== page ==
FLORENCE — When the Kentucky Distillers' Association needed empty bottles to fill with hand sanitizer – as its members made a shift in an effort to help in the fight against COVID-19 – the group turned, in part, to a Northern Kentucky company for help.
Camco Chemical, a Florence-based contract manufacturer, typically keeps dozens of different size fluid containers in stock. It shipped out some extra so distillers could continue to get the antiseptic into the hands of EMS, police and more. As of the end of April, that donation has helped the companies fulfill nearly 125,000 gallons of hand sanitizer, the equivalent of 630,000 “fifths” of whiskey
It wasn't the first time Camco – and its more than 215 employees – had lent a helping hand during the novel coronavirus pandemic. The company, which blends, packages and warehouses products like hand cleaners, soaps and laundry detergent, also donated some of its stock of personal protective equipment, or PPE, to the Independence Fire District, specifically 125 Tyvek chemical suits, 140 N-95 masks and four gallons of disinfectant.
Adrian Hothem, Camco's president and CEO, said the fire department had a real need. The company also donated PPE to St. Elizabeth's and Kentucky HealthWarehouse, via the Kentucky Chamber of Commerce.
"We are a chemical manufacturer, [so] PPE is part of our daily process, but that was one of the things early on where we took some steps to make sure we were minimizing any waste," Hothem said. "That allowed us to recognize we had sufficient PPE to support our operations today and into the future. At that point it became a [question] of, 'Who else really needs it?' We all have neighbors and friends and family who are nurses and doctors and first responders, so if putting gloves hands in the hands of a paramedic helps them help 10, 20, 50 other people, it's well worth it."
While Camco has been serving "customers," like the ones above, a little closer to home, the company has also increased its operational capacity at its 650,000-square-foot facility, as demand has boomed for soaps, detergents, disinfectants, sanitizers and more. Camco, the largest manufacturer of its kind in the Greater Cincinnati area, has more than 60 customers and makes 3,000 different products for start-ups, market-leading brands and multi-national corporations alike.
While Hothem declined to name any of those customers specifically, it is common for large brands like Procter & Gamble, Lysol and Clorox to use a contract manufacturer like Camco to manage their supply chain.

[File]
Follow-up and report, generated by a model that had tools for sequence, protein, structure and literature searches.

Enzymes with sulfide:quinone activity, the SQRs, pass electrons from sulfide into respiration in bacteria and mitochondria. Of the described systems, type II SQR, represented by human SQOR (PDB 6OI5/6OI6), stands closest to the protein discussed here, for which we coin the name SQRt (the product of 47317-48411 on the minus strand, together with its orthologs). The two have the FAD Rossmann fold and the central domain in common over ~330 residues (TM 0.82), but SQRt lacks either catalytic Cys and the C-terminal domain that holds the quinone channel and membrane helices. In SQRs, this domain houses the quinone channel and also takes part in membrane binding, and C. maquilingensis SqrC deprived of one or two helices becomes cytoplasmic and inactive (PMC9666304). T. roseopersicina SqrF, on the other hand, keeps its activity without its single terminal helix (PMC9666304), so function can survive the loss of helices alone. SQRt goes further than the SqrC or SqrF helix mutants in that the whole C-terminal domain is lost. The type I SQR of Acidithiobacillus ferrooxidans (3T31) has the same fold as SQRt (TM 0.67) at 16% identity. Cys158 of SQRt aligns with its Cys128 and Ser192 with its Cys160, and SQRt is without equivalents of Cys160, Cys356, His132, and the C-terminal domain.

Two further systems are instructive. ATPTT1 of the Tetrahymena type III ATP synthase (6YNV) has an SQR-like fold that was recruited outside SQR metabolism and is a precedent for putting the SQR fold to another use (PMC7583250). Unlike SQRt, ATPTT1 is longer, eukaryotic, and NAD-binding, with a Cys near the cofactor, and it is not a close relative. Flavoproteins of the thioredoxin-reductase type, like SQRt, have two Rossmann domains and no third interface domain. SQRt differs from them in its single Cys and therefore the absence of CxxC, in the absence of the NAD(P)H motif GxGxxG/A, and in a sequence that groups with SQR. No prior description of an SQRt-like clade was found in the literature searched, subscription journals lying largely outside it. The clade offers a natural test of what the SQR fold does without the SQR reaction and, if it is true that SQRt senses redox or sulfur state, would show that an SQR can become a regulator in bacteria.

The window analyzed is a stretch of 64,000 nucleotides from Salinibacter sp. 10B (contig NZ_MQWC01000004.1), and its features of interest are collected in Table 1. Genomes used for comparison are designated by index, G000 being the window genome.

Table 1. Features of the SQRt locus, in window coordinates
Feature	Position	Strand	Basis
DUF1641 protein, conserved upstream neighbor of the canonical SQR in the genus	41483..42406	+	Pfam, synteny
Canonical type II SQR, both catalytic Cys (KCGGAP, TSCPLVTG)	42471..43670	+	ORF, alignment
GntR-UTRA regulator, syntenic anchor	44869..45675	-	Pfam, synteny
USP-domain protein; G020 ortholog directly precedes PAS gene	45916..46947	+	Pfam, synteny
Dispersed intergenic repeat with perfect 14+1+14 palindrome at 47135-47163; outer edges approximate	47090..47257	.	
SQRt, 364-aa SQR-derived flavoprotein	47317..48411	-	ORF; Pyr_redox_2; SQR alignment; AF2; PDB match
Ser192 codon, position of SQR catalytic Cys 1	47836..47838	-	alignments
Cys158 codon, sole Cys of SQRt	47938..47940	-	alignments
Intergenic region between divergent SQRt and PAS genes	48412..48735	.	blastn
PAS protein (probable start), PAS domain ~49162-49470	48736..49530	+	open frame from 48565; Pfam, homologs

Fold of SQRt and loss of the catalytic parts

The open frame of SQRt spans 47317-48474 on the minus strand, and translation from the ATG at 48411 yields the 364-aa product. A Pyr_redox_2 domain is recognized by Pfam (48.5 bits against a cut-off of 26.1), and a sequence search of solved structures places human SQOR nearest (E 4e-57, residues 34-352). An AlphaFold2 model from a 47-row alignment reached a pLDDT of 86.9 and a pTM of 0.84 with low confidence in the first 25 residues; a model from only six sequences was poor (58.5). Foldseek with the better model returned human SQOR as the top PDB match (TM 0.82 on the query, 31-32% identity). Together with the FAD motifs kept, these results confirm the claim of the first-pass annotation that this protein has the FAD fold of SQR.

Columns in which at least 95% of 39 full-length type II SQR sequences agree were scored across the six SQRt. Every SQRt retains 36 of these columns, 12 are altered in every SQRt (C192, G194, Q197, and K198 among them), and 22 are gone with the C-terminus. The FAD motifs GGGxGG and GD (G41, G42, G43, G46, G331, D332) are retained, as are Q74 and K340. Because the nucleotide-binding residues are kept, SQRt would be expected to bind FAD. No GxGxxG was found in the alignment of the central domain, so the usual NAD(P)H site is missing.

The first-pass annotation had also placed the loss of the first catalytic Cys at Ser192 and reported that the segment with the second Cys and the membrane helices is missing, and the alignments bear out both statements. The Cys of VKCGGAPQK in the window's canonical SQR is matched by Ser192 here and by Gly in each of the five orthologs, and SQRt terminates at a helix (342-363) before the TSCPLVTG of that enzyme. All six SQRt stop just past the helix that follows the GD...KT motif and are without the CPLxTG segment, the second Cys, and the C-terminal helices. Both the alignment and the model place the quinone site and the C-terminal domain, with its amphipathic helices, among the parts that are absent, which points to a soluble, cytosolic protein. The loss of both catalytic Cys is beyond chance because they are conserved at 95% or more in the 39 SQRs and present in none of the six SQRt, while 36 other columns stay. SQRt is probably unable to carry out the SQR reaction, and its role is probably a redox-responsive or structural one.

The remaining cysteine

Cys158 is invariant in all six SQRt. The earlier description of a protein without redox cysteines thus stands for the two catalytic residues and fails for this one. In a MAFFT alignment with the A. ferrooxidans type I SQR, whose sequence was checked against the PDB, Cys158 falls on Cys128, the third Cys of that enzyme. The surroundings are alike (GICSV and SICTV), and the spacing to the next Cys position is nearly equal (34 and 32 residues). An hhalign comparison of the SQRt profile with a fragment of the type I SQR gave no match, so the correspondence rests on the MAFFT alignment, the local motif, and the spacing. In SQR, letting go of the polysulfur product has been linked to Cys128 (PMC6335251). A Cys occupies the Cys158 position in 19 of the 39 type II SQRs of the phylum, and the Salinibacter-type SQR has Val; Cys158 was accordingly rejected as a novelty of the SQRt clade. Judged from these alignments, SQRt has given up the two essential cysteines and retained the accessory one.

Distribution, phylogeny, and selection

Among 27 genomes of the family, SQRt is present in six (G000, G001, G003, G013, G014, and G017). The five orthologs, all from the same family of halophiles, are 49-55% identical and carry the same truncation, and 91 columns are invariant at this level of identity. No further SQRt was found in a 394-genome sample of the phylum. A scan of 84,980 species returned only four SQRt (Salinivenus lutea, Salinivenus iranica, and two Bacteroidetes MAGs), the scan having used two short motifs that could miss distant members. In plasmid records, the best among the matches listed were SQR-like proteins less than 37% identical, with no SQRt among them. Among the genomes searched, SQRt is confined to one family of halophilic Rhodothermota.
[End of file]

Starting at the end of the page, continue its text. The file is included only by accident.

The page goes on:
"These are products and brands that we, as the general public, are interacting with directly or indirectly every day, whether that's in our homes, in hospitals, in businesses, in restaurants and schools and nursing homes," Hothem said.
Camco has had to stay light on its toes. Some existing customers have been negatively impacted by various stay-at-home orders, while others are seeing growth. There's a greater sense of urgency for critical products, and Camco is working with customers to make decisions fast in order to speed those products to market.
"Every drop of sanitizer or disinfectant at this point is like liquid gold," he said. "For a lot of customers, it's no longer [about] what looks pretty or what looks best on the store shelf. It's more about the functionality and getting it into the right hands."
Hothem is preparing for more ripple effects from COVID – at least from a manufacturing and business perspective – and said the impact could last well into next year. The supply chain, for one, is starting to get tighter. But once this passes, "everything else is going to feel a lot simpler," he said.
Hothem has worked at Camco for a number of years but was just appointed its president and CEO on Jan. 1. It's certainly been an interesting few months.
"It's about taking it day-by-day," Hothem said. "At the same time, it's really about having the right team; that's what's gotten us through this so far. Today's a good day. There's some new business. There's some new things to make. But we don’t know what tomorrow may bring. So it's really focusing on what we can control. This is our new normal," he said.